I was tired around 10:00, but not sleepy. Then, a little later, I got the pre-palpitation feeling that means that I will have trouble getting my heart steady enough to sleep. Perhaps I could have fallen asleep, perhaps not. Instead of trying I let myself rattle until almost 2:00am. I then woke at 4:00 to pee, flushed, and this disturbed the toddler.
The toddler was up and down from 4:30 onward. Luckily J's alarm is at 5:30am and she took him for half an hour letting me get some more nap.
Needless to say, I am a bit out of it today - and we are going out tonight so I will have to be coherent to sit through a festival of choirs. I do think I get a nap.
Meanwhile, I am struggling to sharpen my discussion of anti-Catholicism in the 1830s and 1840s. I set things up with Lyman Beecher, who accuses the entire RC church of engaging in the sort of political dictation that four bishops did to selected Democratic politicians last week. I then move on to discuss Bishop Hughes and Protestant-Catholic spats in the 1840s.
My problem comes because while LB was one of the guys who kicked off the 1830s and 1840s wave of anti-Catholicism, he did so while using mainstream rhetoric. In contrast, James Breckenridge argued that the RC church was always and everywhere destructive of civil liberty, Mariah Monk was making up sex scandals about a Montreal convent, and the hard-core anti-Catholics were quoting Revelations and applying it to Rome.
So, is Beecher a hard-core anti-Catholic or is there a meaningful difference between the folks who say nasty things in nice language and the folks who say nasty things in nasty language? I recall that the Civil Rights movement decided that while there was little moral difference between the folks who used hate speech to terrorize "niggers" and the folks who used patronizing speech to devalue "nigrahs", the latter could be embarrassed into changing their public positions and therefore there was a meaningful tactical difference that the movement could exploit.
In any case, I think I can turn the two paragraphs on Bibles in the schools into two sentences. And that might help me make my point forcefully enough.
It is hard to write with a head full of moss.
The toddler was up and screaming at 4:00 this morning.
This would not have been such a bad thing, except that I had been rattling around until about 1:00 am, tired but unable to sleep.
It was the first rattle I have had in weeks. This one, I think, had three causes. I had gone to a town council meeting from 4:30 until about 7:00 because they were discussing a development plan for our neighborhood that was well conceived, badly drawn, and poorly explained to the residents. I brought a letter for the council, stood up and spoke, chatted with some new friends, and headed home. I do need to get more involved with the town - I will join the town improvement club, help out at the spring plantings, and help organize a block association. That got me a mite excited.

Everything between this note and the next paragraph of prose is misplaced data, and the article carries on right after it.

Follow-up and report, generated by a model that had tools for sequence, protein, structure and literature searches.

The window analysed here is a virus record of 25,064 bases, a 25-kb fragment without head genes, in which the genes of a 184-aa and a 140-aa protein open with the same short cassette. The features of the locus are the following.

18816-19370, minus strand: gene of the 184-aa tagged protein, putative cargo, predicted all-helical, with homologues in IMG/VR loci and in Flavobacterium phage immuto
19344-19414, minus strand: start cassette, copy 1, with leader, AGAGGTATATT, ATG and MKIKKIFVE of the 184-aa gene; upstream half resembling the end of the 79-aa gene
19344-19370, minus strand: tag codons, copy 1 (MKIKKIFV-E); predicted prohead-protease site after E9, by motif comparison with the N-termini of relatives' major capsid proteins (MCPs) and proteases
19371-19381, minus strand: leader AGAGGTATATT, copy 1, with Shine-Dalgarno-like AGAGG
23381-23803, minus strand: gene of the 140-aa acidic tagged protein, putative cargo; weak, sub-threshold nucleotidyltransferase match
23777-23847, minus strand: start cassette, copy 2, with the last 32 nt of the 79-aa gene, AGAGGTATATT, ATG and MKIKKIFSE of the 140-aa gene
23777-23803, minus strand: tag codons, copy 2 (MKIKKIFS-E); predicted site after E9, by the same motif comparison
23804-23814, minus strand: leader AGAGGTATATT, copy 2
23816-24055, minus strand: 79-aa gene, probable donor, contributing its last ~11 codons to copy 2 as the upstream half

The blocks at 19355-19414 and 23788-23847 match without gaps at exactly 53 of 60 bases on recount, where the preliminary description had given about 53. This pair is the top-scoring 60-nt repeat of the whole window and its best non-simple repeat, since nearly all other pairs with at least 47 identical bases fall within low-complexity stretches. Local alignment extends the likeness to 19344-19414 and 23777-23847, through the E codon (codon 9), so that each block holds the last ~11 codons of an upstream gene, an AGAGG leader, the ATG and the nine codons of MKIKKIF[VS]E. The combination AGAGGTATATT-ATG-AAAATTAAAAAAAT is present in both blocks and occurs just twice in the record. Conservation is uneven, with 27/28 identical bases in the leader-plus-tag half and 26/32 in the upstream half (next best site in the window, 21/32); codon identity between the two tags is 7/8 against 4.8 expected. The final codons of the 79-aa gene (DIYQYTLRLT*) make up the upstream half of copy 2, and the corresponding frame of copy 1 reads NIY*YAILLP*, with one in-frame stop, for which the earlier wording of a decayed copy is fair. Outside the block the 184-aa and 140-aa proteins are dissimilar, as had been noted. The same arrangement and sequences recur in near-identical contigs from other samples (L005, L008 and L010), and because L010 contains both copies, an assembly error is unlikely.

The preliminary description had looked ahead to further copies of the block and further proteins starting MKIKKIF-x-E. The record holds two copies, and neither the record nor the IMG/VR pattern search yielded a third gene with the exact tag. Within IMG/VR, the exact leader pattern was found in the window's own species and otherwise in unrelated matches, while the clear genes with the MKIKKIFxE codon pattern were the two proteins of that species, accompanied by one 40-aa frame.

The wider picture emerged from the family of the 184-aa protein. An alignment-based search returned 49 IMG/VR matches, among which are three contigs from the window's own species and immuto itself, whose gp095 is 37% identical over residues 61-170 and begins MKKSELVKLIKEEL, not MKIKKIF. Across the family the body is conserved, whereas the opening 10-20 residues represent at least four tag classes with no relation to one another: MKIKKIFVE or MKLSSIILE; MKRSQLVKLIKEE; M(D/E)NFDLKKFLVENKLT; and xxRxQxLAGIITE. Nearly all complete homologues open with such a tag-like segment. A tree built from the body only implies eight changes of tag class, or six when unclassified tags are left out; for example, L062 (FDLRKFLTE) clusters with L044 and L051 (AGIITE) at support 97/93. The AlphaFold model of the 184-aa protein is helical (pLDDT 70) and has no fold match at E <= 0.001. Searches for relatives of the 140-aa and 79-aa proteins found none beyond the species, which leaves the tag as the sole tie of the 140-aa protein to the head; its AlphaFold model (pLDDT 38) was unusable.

I then had a late dinner, eating around 9:00, for after I got home I had to help put the kids to bed, walk the hound, decide what leftovers appealed, and then chow down.
Finally, I had a little gastric distress - the chile burritos combined with the second pot of coffee during the early afternoon left me with some heartburn and discomfort. I am not sure if the coffee was more disruptive from the caffeine or from the acidity. In either case, I am partway through this morning's pot as I write this.
So, I am very glad indeed that I was able to convince J to take the screaming toddler from 4:00 until 6:00. At 6:00, which is the middle of his usual wakening window, she handed toddler over to me and went back to bed herself. She is still asleep and appears to be down for the morning.
Kids are exhausting, but they are also good fun.
Oh, and the infant was a hit at the town council meeting - I was babysitting while J had a work meeting up in Trenton so infant and I went to participate in local government. The mayor talked a lot about encouraging families with young children to move to our neighborhood by declaring the residential sections part of a development zone; I stood up with the infant in my arms and pointed out that we like the idea of development but insist that the neighbors get site plan review.